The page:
About a decade ago in Madison Wisconsin’s school system there was a big debate over talented and gifted (TAG) classes. There was a typical Madison contingent that cried discrimination because these classes were overwhelmingly white (Madison has a penchant for producing earnest expressions of well-meaning but myopic progressivism). Their solution was to have everyone take the same classes, regardless of ability – that is, lower the opportunities and standards for some in order to accommodate all.
I and others pointed out that the real discrimination was not that these advanced classes existed, but that there was an institutionalized assumption that only white students with good test scores would appreciate the classes and be able to do well. Students do in fact have different levels of ability – and disability – in various subjects and skills but these differences have nothing whatsoever to do with gender, sexual orientation or race – or, for that matter, test scores. Any class at any level should literally and figuratively be a rainbow. If it doesn’t, the problem – and the discrimination – lies in our assumptions, standards and selection criteria. This kind of institutionalized bias is insidious. It does not lend itself to facile solutions like making everything ostensibly the same.
Similarly, the solution to making the Adirondacks more inclusive and accessible lies not in making everything the same. The discrimination we should worry about is not in having Wilderness – which as a precious and vital resource deserves our utmost protection. It is in assuming that people who are old or have a disability cannot and will not appreciate it. It further lies in the false and pejorative conflation of “having a disability” with “being disabled:” whom do we presume cannot fully engage in and appreciate a wilderness experience? Behind that conflation lies a cornucopia of ignorance and bias. Wilderness itself is neutral on the subject – Wilderness’ neutrality on all affairs human is one of its greatest and most important benefits.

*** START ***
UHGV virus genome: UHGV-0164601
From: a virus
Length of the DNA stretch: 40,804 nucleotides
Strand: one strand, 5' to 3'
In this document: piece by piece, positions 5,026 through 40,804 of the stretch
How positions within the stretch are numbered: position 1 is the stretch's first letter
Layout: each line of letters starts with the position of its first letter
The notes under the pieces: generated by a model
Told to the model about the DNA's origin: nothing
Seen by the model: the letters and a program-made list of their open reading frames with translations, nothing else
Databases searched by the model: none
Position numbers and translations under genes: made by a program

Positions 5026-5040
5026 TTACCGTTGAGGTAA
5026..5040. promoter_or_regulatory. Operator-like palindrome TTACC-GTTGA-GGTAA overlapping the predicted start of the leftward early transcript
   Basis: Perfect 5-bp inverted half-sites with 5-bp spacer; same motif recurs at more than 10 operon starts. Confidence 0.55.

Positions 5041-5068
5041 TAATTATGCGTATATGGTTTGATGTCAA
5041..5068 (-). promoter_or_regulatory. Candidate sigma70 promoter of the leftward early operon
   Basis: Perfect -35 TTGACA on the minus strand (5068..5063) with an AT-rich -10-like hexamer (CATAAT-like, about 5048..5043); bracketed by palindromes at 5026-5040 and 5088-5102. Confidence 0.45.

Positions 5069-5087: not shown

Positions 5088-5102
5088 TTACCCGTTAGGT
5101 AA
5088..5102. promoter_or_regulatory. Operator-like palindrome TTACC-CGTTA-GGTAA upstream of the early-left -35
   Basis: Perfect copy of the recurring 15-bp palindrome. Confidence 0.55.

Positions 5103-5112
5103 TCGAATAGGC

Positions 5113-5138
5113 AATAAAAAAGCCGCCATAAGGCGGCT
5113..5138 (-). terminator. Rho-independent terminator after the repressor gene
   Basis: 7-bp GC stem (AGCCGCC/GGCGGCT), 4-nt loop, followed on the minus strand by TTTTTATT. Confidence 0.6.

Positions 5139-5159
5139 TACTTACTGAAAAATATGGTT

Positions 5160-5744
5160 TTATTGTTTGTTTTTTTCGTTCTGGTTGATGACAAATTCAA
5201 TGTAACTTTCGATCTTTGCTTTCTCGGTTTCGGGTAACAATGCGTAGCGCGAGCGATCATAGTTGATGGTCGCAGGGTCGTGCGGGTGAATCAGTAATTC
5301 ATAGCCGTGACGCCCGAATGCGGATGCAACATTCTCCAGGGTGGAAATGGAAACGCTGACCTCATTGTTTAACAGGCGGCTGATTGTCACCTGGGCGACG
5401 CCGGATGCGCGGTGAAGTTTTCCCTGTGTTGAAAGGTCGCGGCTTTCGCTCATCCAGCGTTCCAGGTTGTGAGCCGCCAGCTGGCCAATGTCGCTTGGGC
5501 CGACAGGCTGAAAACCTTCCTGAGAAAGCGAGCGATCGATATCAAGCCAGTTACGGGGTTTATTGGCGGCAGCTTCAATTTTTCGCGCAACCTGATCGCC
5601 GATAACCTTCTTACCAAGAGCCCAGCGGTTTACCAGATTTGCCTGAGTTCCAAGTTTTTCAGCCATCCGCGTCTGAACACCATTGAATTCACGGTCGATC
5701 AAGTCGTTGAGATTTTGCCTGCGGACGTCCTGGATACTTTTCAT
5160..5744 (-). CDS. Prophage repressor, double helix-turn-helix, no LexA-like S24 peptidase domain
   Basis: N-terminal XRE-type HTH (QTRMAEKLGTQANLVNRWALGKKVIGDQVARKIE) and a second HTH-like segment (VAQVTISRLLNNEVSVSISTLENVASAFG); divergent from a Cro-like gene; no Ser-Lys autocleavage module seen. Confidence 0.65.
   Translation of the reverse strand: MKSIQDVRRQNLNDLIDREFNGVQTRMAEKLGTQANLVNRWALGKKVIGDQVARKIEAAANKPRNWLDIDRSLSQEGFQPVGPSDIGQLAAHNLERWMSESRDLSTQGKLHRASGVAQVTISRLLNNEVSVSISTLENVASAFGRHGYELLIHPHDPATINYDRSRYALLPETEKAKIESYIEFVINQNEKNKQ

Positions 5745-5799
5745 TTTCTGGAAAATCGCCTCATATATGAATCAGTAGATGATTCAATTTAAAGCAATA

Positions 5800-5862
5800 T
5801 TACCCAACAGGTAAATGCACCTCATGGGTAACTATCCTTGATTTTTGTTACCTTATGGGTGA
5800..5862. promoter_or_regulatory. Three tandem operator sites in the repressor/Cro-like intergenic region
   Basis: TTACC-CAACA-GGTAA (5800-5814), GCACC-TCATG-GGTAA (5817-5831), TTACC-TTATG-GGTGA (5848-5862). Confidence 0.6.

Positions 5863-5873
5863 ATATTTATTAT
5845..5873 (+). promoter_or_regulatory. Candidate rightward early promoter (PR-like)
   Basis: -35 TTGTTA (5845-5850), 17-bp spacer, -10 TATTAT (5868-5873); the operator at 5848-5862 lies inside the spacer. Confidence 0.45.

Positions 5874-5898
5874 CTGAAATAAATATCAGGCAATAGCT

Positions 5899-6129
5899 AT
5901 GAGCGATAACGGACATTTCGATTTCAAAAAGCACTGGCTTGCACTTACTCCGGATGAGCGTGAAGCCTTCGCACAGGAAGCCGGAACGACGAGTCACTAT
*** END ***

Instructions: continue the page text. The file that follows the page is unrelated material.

The ultimate answer is to stop making false choices and instead strive for everything: Wilderness, accessible forest, inclusive tourist destinations, great transportation options, greater cultural competence. I took notes on the IRRC’s “Top Ten” Tips to Increase Usability during the webinar. Here they are (reproduced from my notes, not the actual list; any errors or omissions are mine):
Top Ten Tips to Increase Usability
- Use Person-first language: person first, disability second. This is a State Law. Don’t use the term “handicapped”
- Use plain language, accessible signage, alternative forms of communication: symbols, pictures, raised lettering, large print, etc.
- Make sure everyone is invited: broad marketing/outreach, have an inclusion point of contact, make websites accessible
- Clear paths of travel for recreational facilities, businesses and tourist attractions: unobstructed, well lit, wide enough, firm and stable, gradual incline
- Make space – make sure there is enough room: bathroom stalls, for example
- Provide alternatives for facilities via the principles of Universal Design: equitable use, flexibility in use, simple and intuitive use, perceptible information, tolerance for error, low physical effort, size and space for approach and use
- Know your business: clearly written, inclusive policies and procedures. Accommodate service animals and personal care attendants
- Bridge the gap between costumer’s needs/abilities and a satisfying recreation experience. Bridging strategies include adaptive equipment, skill modification, rule modification, space modification, having a goal structure, team/group modifications, structured social interaction, allow partial participation
- Support each customer: quiet space, quiet time, additional staff/helpers
- Staff are ambassadors. This may be the most important thing. Awareness and training for increased competence is essential.
These are great ideas and important steps for the Adirondack region to take. Not a one of them is incompatible with our greatest natural asset: Wilderness in all its primeval splendor. For my money the more Wilderness we can protect, the better… for everyone.
Photo: Kuma’s View